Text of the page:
Ferns generally prefer shady gardens using acidic soil. Soil with a pH of 7 is considered neutral. A pH below 7 is acidic, while a pH above 7 is alkaline. Different kinds of ferns have particular soil pH conditions within the acidic selection, however. Some types of ferns need acidic soil with a lower pH, but some prefer soil that is just slightly acidic. Still others are going to grow in acidic, neutral or slightly alkaline soils. Your soil pH can be determined with a simple pH test. It’s worth determining before deciding which kind of fern will thrive in your garden soil.
Low pH Soil
Boston ferns (Nephrolepis exaltata), also known as sword ferns, and flowering ferns (Osmunda regalis), also called royal ferns, prefer a lower pH. Boston ferns are hardy in U.S. Department of Agriculture (USDA) plant hardiness zones 9 to 11. This kind of fern grows in soil with a pH of 5.0 to 5.5. They do best in humid conditions in partial to full shade where the land is high in organic matter. Its bright-green fronds grow to a height of 3 feet and width of 6 inches. Flowering ferns are hardy in USDA zones 3 to 10. They grow in soil with a pH of 4.3 to 5.2. This kind of fern has brown, leafless fertile fronds and infertile, leafy fronds that can be up to 6 feet tall. The 2-inch extended leaflets are spaced slightly apart along the frond, giving the fern an open, airy look. It favors organically rich soil in full shade but will tolerate up to six hours of direct sunlight so long as the soil is kept moist.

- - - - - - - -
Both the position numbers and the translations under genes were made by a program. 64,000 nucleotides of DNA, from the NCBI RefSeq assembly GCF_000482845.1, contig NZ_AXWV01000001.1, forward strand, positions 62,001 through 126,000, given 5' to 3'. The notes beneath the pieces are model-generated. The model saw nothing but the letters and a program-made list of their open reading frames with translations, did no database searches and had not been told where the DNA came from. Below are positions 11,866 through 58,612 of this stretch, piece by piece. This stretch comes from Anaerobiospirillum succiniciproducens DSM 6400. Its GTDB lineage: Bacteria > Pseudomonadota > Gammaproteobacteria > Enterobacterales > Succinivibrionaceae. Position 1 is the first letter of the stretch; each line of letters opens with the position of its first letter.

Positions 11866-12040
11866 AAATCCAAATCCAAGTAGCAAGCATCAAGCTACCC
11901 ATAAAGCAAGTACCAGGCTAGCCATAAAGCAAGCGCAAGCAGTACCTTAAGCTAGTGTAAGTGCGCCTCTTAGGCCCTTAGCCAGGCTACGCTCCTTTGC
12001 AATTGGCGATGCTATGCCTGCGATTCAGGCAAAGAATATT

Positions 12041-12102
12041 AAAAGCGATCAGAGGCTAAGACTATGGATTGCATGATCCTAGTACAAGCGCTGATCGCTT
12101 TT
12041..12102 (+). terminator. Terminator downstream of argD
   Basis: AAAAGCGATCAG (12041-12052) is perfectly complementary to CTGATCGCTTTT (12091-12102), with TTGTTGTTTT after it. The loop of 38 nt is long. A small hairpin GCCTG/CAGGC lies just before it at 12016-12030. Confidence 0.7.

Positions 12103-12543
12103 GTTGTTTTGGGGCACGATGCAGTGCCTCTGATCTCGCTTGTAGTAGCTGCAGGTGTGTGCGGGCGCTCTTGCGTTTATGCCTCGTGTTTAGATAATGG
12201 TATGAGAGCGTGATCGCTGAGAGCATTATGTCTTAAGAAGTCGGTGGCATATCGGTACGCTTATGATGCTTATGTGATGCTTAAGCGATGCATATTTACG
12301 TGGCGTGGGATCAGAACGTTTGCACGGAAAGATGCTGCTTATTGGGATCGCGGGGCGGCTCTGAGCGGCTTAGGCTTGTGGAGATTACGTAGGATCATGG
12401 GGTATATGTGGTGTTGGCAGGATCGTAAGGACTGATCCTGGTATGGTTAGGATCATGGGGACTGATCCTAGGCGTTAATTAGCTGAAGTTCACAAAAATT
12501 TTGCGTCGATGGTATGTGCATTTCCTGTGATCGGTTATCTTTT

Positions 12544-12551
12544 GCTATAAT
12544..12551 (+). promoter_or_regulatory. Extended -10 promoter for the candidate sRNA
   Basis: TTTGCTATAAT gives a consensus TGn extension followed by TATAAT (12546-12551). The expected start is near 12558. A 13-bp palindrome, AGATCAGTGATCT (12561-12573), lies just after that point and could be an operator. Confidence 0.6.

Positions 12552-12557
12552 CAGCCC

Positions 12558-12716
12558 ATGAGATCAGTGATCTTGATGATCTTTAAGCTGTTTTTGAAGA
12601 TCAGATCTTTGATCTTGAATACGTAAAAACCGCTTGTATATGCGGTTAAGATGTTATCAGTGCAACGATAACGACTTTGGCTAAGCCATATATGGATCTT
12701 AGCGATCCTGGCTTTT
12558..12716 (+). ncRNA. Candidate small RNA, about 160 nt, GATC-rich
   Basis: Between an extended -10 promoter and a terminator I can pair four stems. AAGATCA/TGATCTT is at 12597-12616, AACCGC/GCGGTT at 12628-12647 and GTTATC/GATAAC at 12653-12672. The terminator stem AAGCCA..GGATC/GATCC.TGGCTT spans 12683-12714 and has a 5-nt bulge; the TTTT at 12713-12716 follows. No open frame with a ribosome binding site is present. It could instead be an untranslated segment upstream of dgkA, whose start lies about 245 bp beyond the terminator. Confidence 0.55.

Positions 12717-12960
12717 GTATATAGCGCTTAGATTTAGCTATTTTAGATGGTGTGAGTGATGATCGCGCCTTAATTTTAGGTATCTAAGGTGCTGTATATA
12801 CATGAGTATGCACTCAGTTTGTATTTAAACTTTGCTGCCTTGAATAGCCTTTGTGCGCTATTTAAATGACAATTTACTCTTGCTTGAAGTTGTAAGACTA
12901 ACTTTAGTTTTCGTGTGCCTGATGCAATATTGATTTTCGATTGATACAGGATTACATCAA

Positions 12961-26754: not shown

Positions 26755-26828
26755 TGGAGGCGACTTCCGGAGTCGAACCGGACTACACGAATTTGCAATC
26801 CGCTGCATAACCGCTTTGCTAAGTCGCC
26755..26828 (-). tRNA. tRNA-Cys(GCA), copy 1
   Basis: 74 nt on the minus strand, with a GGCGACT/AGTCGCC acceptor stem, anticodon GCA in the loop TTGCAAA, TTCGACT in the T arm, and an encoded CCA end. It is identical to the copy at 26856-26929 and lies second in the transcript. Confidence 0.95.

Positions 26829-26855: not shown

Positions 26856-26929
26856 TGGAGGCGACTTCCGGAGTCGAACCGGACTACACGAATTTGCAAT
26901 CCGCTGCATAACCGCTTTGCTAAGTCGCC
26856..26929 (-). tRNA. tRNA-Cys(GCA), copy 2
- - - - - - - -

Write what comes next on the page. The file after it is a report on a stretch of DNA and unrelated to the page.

Low to Moderately Acidic Soil
American climbing ferns (Lygodium palmatum) and Japanese tassel ferns (Polystichum polyblepharum) prefer a soil pH of 5.1 to 6.5 and are hardy in USDA zones 5 to 9. American growing ferns, also known as creeping, Hartford and Windsor ferns, grow long, 3- to 4-foot tall twining fronds that will climb nearby plants. Its leaflets are palmate or shaped like an open palm with fingers outstretched. They’ll grow in partial or full shade. Japanese tassel ferns, also called Japanese lace ferns and Korean tassel ferns, grow to a height of two to three feet with dark, glossy green fronds and finely dissected or serrated leaflets. Dappled or full shade with rich soil that is kept uniformly moist is most effective for this kind of fern.
Moderately Acidic Soil
Cinnamon ferns (Osmunda cinnemonea) and Ostrich ferns (Matteuccia struthiopteris) prefer soil with a pH of 5.5 to 6.5. Cinnamon ferns grow to between 5 and 3 feet tall with light green fronds. This kind of fern has sterile and fertile fronds. The sterile fronds are cinnamon brown when they first emerge but change graduallyto green as they mature. The fertile fronds remain cinnamon brown and do not develop green leaflets. They are hardy in USDA zones 3 to 10. A planting website with visually rich, moist soil in partial shade is ideal for the fern, but it is going to grow with as much as six hours of direct sun exposure or dappled shade. Ostrich ferns grow to a height of 2 to 6 feet with dark green, finely dissected fronds. They are hardy in USDA zones 2 to 8. In warm Mediterranean climates, they need to be planted in a shady place with rich soil that stays uniformly moist.
Acidic to Alkaline Soil
Holly ferns, Japanese holly ferns or Asian net-vein holly ferns (Cyrtomium falcatum), and Christmas or dagger ferns (Polystichum acrostichoides) prefer a soil pH of 5.6 to 7.8. Holly ferns are hardy in USDA zones 6 to 11. They grow to a height of two feet with dark green, pointed leaflets that resemble holly tree leaves. This kind of fern prefers organically rich soil in partial or full shade, but will grow with as much as six hours of direct sunlight. Christmas ferns are hardy in USDA zones 3 to 9. They grow to a height of two feet with leathery green leaflets that resemble small Christmas stockings. Fast-draining soil that is high in organic matter in partial or full shade is ideal for this kind of fern.